The Doctor Fish staff stands behind its service. Each fish massage comes with a 'Happiness' guarantee. No happiness, no charge. Free cans of Angkor Beer help the cause. Liz and I surrendered five dollars.
The fish massage is built on a simple premise: Tourists will try anything. After three days in Cambodia, I'd proved to be a good consumer. My inhibitions slackened and appetite expanded. I chewed iridescent meat, swallowed squid tentacles, and ordered iced coffee in broken Khmer.
A fish massage reverses the roles. The consumer becomes the consumed, as swarms of fish suck the dead skin off wet feet. Fish will try anything. They nibble bunyons and blisters, athlete's foot and plantar warts. They ingest decrepit skin and it tickles.
Liz and I dominated the fish tank. Within seconds of submerging our feet, they were surrounded by wriggling crowds of fish. Three other pairs of feet braved the tank during our fifteen minutes of happiness, but they barely received a bite. Our feet were gourmet. All natural White meat. Authentic American cuisine.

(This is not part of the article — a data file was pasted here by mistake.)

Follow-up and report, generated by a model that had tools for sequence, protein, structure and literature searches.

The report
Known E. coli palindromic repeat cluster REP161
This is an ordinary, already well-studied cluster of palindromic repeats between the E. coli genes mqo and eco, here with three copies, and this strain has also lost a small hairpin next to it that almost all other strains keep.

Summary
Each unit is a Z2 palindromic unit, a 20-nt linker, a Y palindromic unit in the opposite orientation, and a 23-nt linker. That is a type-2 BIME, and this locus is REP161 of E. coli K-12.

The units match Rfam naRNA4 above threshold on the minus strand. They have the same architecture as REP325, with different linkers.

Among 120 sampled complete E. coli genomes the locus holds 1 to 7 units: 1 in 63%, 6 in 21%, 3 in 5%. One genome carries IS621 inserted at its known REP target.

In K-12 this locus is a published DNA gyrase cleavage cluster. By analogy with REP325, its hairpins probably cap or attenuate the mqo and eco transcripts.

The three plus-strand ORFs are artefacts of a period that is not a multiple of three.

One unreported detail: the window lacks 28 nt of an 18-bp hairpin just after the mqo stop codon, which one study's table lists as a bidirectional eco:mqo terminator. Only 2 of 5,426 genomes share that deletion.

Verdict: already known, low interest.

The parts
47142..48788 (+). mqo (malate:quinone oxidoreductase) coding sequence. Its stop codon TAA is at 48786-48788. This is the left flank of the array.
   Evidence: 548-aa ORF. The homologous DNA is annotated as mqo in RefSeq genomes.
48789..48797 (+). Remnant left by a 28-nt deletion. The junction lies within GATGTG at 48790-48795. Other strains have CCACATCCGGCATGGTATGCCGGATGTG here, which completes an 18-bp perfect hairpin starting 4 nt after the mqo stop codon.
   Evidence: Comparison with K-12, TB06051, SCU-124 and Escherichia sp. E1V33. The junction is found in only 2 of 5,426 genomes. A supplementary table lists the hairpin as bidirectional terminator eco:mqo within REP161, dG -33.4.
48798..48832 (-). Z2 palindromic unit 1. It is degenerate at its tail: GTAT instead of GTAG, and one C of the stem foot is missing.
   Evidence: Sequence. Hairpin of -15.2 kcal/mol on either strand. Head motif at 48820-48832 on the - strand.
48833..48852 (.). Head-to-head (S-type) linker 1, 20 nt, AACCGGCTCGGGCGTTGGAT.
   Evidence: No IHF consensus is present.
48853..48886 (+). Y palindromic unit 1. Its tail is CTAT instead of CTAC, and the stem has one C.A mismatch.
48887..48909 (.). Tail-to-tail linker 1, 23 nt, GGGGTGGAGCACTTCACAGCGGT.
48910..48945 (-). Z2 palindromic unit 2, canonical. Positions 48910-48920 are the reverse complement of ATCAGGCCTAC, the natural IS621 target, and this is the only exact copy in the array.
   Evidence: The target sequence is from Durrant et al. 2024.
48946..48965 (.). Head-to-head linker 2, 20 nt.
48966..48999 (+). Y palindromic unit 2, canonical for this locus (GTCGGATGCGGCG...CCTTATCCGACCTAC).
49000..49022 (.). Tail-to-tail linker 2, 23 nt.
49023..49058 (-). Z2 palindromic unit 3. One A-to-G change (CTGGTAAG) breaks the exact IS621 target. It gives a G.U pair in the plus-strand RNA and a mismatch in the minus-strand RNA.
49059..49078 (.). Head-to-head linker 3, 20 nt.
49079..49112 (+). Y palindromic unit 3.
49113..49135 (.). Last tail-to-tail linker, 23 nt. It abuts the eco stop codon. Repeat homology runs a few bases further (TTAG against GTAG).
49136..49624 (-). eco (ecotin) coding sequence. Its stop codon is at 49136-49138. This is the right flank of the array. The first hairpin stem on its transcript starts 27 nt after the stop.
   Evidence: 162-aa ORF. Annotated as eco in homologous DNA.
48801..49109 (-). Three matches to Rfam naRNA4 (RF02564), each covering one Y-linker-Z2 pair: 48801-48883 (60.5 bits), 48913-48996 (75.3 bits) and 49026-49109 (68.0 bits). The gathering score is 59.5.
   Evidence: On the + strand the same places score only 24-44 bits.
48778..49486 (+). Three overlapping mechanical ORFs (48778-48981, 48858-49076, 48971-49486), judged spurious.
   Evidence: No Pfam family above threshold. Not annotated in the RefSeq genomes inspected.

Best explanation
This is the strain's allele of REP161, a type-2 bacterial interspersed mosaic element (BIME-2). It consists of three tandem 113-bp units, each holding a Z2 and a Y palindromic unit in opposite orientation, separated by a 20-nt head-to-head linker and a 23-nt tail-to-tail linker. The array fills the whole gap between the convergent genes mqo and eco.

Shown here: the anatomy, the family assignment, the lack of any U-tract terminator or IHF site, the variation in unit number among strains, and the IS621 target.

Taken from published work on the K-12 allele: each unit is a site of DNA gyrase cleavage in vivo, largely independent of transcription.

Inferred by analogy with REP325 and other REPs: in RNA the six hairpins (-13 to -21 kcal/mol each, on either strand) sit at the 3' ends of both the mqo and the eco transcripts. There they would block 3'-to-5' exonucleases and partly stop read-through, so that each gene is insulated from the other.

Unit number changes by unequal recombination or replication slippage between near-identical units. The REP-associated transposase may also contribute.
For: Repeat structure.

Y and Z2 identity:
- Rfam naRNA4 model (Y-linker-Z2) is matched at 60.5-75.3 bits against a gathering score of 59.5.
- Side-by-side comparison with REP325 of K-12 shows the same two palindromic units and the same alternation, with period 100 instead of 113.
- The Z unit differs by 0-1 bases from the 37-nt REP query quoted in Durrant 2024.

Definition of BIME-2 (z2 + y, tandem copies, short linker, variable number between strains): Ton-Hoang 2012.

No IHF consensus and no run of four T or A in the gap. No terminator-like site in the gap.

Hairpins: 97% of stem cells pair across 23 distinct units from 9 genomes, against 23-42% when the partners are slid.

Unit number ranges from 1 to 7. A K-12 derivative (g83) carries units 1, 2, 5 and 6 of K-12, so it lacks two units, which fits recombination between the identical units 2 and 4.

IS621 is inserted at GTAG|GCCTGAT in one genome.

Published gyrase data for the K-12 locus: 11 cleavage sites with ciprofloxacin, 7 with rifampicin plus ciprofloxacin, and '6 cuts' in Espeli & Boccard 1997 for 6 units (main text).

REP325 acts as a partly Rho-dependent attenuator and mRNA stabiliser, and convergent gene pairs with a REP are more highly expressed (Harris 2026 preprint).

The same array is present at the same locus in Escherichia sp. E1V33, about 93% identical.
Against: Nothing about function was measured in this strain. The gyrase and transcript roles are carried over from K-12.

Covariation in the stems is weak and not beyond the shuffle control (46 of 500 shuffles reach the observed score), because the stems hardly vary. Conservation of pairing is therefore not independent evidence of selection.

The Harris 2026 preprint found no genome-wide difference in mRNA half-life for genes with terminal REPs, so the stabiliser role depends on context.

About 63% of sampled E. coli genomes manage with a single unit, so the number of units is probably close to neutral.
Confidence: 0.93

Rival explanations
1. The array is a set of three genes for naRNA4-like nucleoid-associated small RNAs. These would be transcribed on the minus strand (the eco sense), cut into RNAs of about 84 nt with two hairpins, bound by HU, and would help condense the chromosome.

The final few days of our trip, Doctor Fish became the defining metaphor for tourists in Cambodia: consumers getting consumed. Swarms of merchants and beggars, moto drivers and food vendors offering to massage our wallets and suck the dead Presidents from our feet. Our soles were tender when we returned home, and our wallet was empty.
This is Part 1 of 5 updates about a recent trip to Cambodia